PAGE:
We look forward to the opening of the discovery process so that we can further document the widespread infringement, which Arista itself has advertised as a key selling point of their products (see my blog when we brought our lawsuits on December 5).

As the ITC’s decision to commence investigations was just confirmed, we will evaluate the documents that we expect to receive, and provide updates in the coming days.

Further Update: 22 January 2015

Interestingly, the ITC apparently did not elect to undertake further investigation into Arista’s request that the trial judge consider whether their products are so vital to the national interest that they should be allowed to continue to be sold, even if they infringe (See Arista’s Public Interest Statement). We were surprised that Arista even asked. We had expected them to simply deny infringement. Instead, they claimed, “Many others have used, and continue to use, technologies Cisco accuses Arista of using without any complaint from Cisco” as a justification for infringement, and claiming that “Arista’s products serve critical roles in U.S. commerce and security [and] [t]he issuance of any exclusion order would raise public health, safety, or welfare concerns.” As laid out in detail in the December 5 blog, Arista is unique in the scope of its copying of Cisco technology. That’s why this is the first patent lawsuit we’ve initiated in eleven years. Arista has many competitors who do not copy the Cisco technologies Arista chose to incorporate in their products.

Arista has it backwards. There is a strong public interest, long recognized by the ITC, in protecting innovation and excluding the importation and sale of infringing products. That’s why the ITC exists. So we are pleased it looks like the trials will focus on the merits of our claims, without spending resources on Arista’s argument that the public has an interest in letting it infringe Cisco’s patents.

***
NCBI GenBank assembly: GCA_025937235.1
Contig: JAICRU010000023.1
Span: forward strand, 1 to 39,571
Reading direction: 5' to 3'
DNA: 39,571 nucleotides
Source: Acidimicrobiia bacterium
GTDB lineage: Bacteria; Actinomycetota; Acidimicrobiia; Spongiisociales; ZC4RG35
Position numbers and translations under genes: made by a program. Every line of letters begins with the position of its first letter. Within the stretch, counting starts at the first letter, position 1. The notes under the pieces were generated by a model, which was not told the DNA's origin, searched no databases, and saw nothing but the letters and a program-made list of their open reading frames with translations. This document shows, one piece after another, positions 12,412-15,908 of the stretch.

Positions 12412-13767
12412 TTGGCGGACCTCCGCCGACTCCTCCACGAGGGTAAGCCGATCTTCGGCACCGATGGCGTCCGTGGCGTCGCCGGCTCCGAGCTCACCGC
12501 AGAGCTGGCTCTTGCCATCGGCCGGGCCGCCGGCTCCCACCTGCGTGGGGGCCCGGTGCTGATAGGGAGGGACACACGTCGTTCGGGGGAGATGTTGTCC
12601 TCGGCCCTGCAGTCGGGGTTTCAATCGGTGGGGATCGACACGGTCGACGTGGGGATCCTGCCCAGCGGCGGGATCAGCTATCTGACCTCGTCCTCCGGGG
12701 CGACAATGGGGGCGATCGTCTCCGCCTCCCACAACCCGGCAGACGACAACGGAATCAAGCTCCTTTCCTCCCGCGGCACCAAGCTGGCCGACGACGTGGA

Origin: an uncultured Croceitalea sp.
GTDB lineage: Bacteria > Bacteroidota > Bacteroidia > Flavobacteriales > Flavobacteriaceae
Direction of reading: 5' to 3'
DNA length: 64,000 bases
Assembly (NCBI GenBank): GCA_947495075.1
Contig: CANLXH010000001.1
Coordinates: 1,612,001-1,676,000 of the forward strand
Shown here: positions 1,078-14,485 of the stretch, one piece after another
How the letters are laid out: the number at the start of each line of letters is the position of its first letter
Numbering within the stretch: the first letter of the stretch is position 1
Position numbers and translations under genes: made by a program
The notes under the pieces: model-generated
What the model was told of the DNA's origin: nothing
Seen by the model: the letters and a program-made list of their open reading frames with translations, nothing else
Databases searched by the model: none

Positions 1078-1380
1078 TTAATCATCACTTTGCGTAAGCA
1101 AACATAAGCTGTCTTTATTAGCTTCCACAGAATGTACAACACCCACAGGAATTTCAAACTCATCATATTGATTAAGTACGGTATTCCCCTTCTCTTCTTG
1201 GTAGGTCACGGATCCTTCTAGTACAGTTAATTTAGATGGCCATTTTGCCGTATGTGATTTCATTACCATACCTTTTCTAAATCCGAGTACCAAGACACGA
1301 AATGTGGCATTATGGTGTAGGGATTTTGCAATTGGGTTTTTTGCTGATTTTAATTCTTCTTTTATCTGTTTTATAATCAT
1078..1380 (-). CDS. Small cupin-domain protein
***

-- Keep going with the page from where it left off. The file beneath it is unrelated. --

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In Retail, Insight Is Currency, and Context Is King

Today’s retailers face a rising tide of change, disruption, and challenges, all driven by technology. As their business landscape is upended, many are struggling to adapt to changing consumer behaviors, competition from disruptive innovators, and exponentially increasing complexity.

The source of much of this disruption is the Internet of Everything (IoE). IoE is the networked connection of people, process, data, and things, and Cisco projects these connections to surge from 13 billion today to 50 billion in the next decade. For retailers, that means a sharp increase in the potential channels, devices, and shopping journeys that are available to consumers. Increasingly, retailers must meet new demands for relevant, efficient, and convenient shopping experiences, whether in-store or out.

IoE_Retail_Figure_Journey_3-2

But for traditional retailers, IoE also presents tremendous opportunities. At the National Retail Federation’s “Big Show” in New York this week, I have seen a great openness to change and innovation. As I see it, traditional retailers are ready to step into the IoE era, but they will need the right ecosystem of partners to guide them through the transformation and help them make the right investments.

To better understand these opportunities and the changing competitive dynamics in retail, Cisco recently undertook a comprehensive, three-pronged study consisting of original research, economic analysis, and interviews with retail industry thought leaders. Released this week, the first wave of primary research findings includes 1240 consumer responses from the United States and the United Kingdom.

A key theme that emerged from the research was that today’s consumers demand new kinds of digital experiences, both in-store and out. In our survey, we presented respondents with 19 concept tests — everything from digital signage and same-day delivery to mobile payments and augmented reality. Above all, we found that shoppers seek a hyper-relevant experience — more so than a hyper-personalized one. In short, efficiency and savings are more important to them than personal engagement.

In our survey, 38 percent of respondents identified greater efficiency in the shopping process (e.g., ensuring items are in stock, speeding checkout times) as the area retailers most need to improve. By contrast, 13 percent sought improvements that would lead to a more personalized shopping experience. Read More »